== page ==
NEW YORK (TheStreet) -- As with the rescues of General Motors (GM) and AIG (AIG), the repayment of government bailout money by Fannie Mae (FNMA) and Freddie Mac (FMCC) will likely hinge on a backdoor taxpayer subsidy.
In a Securities and Exchange Commission filing earlier in March, Fannie Mae said it would delay filing its 2012 financial report as it considers releasing a $61.5 billion deferred tax valuation allowance.
The potential release would bolster Fannie's earnings and capitalization, in a move the company said could help it begin repaying the U.S. Treasury on a $100 billion-plus taxpayer supported bailout.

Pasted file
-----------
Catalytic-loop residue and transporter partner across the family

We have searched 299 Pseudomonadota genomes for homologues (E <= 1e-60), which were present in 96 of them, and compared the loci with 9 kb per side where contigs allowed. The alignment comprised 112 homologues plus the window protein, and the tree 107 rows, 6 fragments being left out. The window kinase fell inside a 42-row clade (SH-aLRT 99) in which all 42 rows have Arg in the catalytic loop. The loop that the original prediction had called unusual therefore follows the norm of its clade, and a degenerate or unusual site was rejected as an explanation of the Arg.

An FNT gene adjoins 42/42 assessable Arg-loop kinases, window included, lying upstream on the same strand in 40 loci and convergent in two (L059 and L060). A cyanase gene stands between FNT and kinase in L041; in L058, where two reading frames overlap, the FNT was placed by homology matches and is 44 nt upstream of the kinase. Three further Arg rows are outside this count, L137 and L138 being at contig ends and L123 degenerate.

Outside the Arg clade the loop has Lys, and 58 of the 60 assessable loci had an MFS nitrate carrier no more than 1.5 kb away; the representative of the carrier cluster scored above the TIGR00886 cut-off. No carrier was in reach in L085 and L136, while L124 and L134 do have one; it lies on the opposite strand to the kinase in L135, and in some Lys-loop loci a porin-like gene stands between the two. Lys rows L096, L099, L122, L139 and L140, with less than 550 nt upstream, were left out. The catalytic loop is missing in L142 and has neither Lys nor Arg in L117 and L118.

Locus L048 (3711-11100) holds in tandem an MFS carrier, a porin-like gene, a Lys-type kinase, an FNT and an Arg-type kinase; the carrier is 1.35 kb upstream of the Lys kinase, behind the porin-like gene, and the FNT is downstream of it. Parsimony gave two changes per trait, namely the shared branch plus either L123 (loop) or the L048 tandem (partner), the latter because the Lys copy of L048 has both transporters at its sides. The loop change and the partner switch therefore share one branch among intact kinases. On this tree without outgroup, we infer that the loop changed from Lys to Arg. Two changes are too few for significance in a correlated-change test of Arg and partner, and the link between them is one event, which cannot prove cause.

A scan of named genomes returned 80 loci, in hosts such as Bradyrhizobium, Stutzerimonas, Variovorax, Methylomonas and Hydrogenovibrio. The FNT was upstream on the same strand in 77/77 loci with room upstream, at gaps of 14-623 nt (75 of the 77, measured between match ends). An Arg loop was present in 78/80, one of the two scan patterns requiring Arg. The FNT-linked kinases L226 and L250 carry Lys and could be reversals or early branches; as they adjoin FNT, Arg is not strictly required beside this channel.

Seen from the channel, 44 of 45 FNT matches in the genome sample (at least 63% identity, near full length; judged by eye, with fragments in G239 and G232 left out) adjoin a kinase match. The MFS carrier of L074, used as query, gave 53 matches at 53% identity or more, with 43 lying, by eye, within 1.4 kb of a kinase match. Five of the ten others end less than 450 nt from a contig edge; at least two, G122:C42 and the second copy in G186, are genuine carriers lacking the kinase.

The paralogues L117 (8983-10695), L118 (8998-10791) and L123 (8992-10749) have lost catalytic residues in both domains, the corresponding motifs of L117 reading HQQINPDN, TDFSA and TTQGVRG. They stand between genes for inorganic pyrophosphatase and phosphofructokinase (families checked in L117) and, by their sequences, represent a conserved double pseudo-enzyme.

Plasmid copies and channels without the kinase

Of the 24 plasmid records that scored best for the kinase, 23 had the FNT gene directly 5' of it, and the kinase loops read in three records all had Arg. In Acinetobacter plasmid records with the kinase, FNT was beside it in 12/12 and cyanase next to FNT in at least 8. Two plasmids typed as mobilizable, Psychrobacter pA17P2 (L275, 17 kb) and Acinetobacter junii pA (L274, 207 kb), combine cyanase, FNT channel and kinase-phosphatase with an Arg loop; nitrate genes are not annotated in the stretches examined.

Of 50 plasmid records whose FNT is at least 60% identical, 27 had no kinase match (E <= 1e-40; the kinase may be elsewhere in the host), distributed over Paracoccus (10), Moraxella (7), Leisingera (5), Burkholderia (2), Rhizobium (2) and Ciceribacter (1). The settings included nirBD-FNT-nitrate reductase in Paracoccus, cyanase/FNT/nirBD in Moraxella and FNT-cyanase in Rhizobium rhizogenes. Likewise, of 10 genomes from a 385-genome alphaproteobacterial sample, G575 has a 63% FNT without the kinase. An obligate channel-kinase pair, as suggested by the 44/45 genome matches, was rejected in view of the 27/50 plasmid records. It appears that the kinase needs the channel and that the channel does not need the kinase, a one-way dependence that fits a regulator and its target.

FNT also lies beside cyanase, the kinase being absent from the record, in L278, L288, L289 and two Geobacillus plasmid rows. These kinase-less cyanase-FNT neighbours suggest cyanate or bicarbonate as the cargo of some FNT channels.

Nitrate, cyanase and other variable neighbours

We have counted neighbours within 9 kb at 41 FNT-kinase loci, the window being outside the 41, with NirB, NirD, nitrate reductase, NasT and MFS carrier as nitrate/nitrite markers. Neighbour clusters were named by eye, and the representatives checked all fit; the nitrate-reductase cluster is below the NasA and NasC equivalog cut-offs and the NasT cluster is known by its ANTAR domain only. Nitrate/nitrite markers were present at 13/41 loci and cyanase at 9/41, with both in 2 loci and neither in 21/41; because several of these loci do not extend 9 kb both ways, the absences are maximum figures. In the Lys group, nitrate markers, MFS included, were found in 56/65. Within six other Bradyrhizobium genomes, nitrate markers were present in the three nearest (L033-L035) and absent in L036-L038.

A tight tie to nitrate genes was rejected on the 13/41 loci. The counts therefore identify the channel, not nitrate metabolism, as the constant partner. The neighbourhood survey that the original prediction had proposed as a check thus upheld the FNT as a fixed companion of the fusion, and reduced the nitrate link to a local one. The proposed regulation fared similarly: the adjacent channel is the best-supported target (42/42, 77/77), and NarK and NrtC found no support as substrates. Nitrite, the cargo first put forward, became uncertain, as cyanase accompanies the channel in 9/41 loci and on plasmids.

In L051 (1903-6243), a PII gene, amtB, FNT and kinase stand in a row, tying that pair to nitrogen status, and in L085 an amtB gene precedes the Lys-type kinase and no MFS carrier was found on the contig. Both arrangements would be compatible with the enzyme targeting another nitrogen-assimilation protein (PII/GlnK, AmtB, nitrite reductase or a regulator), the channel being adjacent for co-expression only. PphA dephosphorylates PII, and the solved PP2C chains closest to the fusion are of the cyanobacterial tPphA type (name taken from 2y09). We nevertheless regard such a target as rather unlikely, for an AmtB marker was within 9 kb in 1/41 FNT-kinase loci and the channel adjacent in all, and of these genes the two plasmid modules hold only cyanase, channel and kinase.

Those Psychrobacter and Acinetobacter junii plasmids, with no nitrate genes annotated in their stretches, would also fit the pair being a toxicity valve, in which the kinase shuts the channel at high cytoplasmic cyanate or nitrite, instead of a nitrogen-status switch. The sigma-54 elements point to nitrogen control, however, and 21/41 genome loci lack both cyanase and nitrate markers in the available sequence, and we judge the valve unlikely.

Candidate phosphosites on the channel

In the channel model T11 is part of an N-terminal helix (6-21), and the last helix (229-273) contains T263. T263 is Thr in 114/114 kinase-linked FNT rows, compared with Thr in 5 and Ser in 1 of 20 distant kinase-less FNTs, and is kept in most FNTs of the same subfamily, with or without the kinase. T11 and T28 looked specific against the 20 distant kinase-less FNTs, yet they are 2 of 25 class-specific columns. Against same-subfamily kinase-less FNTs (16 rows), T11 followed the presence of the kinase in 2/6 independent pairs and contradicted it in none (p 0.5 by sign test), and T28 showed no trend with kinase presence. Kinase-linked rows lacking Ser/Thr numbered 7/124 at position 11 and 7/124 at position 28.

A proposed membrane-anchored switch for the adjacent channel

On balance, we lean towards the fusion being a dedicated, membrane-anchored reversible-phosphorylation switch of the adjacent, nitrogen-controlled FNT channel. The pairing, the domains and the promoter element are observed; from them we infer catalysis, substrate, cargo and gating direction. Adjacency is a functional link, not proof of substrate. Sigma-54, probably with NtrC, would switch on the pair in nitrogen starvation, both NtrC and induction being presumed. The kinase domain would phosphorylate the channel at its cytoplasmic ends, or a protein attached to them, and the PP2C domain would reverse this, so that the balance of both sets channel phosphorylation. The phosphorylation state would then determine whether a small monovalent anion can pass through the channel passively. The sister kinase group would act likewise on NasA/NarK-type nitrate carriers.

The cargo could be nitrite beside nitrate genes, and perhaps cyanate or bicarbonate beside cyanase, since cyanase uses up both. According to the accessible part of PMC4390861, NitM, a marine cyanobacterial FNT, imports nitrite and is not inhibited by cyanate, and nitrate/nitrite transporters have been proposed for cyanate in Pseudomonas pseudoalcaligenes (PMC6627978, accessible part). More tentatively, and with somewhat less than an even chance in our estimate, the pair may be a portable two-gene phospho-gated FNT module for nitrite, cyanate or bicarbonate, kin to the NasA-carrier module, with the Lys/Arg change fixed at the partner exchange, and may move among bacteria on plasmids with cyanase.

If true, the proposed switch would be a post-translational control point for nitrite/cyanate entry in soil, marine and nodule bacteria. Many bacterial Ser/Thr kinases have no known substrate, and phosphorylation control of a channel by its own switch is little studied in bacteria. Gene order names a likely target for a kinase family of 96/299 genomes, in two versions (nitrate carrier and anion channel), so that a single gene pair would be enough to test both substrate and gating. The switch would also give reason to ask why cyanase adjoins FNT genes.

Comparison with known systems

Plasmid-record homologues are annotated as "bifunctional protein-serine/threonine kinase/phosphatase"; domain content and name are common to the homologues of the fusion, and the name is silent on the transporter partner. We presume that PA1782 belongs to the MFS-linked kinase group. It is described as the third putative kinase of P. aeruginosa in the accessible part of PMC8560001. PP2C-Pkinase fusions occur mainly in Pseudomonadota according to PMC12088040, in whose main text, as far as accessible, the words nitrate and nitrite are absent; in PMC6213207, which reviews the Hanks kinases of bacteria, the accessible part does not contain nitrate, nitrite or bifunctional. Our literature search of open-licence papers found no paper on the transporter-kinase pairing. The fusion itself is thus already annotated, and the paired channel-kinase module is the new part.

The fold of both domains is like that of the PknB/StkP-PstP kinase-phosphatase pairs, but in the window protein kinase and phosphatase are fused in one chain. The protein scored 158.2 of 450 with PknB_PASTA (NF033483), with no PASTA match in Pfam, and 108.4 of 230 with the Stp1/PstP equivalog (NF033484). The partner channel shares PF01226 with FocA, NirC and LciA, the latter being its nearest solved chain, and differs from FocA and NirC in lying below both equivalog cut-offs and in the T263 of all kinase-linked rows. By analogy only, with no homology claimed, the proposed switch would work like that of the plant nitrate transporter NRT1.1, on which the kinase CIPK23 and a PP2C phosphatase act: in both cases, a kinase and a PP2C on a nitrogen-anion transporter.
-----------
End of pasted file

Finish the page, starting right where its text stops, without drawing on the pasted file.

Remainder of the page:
The key is that if a company can return to profitability, it can use its deferred tax assets (DTA) as a shield against tax on future profits.Such a scenario could mean Fannie would be repaying one arm of the U.S. Treasury using lost revenue to another. "The release of the valuation allowance would have a material impact on the company's 2012 financial statements and result in a significant dividend payment to the U.S. Department of the Treasury" under the terms of its $116.1 billion preferred stock investment, Fannie said in the March 14 filing. Fannie's deferred tax valuation stems from gargantuan losses the government-sponsored housing entity suffered during the financial crisis as its loans and investments soured. Those valuations are similar to multi-billion deferred tax assets held by AIG on the souring of its securities portfolio and by General Motors on large operating losses. Smart Money sticks to GSE preferred shares. Crucially, while both AIG and General Motors have converted their deferred tax valuation allowances to assets, Fannie Mae is just considering converting its $61.5 billion valuation as the mortgage authority becomes solidly profitable. But for companies like Fannie and its counterpart Freddie Mac, AIG, General Motors or bailed out 'Too Big to Fail' banks like Citigroup (C) that received government support in the financial crisis, deferred tax assets can work as a quiet subsidy as firms repay taxpayer funds. Were Fannie to get its way, the company would be able to add up to $61.5 billion in capital in an accounting move that would go a long way in repaying the government's preferred investment. But while Treasury may see billions come in the door by way of its preferred stock repayment, it could lose a similar amount in lost taxable income. "All you are doing is depriving one part of Treasury from revenues so another department can receive them," says Robert Willens, an independent tax expert. As was the case for Citigroup's return of government money or AIG's recent full repayment of taxpayer dollars, deferred tax assets played a crucial role in helping to recapitalize the companies and put them in a position to return government money. At GM, a $30 billion-plus deferred tax asset is also helpful, even if Treasury remains a large investor in the company. There is nothing insidious about such a scenario also playing out for Fannie Mae, given the basic way losses can be transformed to deferred tax assets, according to Willens. Still, Willens questions whether Fannie, Freddie or AIG and General Motors deserved to retain their deferred tax valuations, even after experiencing a change of control that put them in government hands. Oftentimes, companies lose their deferred tax assets in a merger, otherwise profitable firms such as Apple (AAPL) and Google (GOOG) could endlessly conduct mergers as a tax shield. In rescuing Fannie, Freddie, AIG and General Motors, Willens notes Treasury allowed the firms to retain significant deferred tax assets that are crucial to their repayment of government assistance. "It should be noted that these companies, which arguably had experienced an "ownership change" when the government took majority stakes in these companies, were able, through the munificence of the Treasury Department and the I.R.S., to avoid the adverse impact on their deferred tax assets that normally accompanies such an ownership change," wrote Willens in a March 20 client note.
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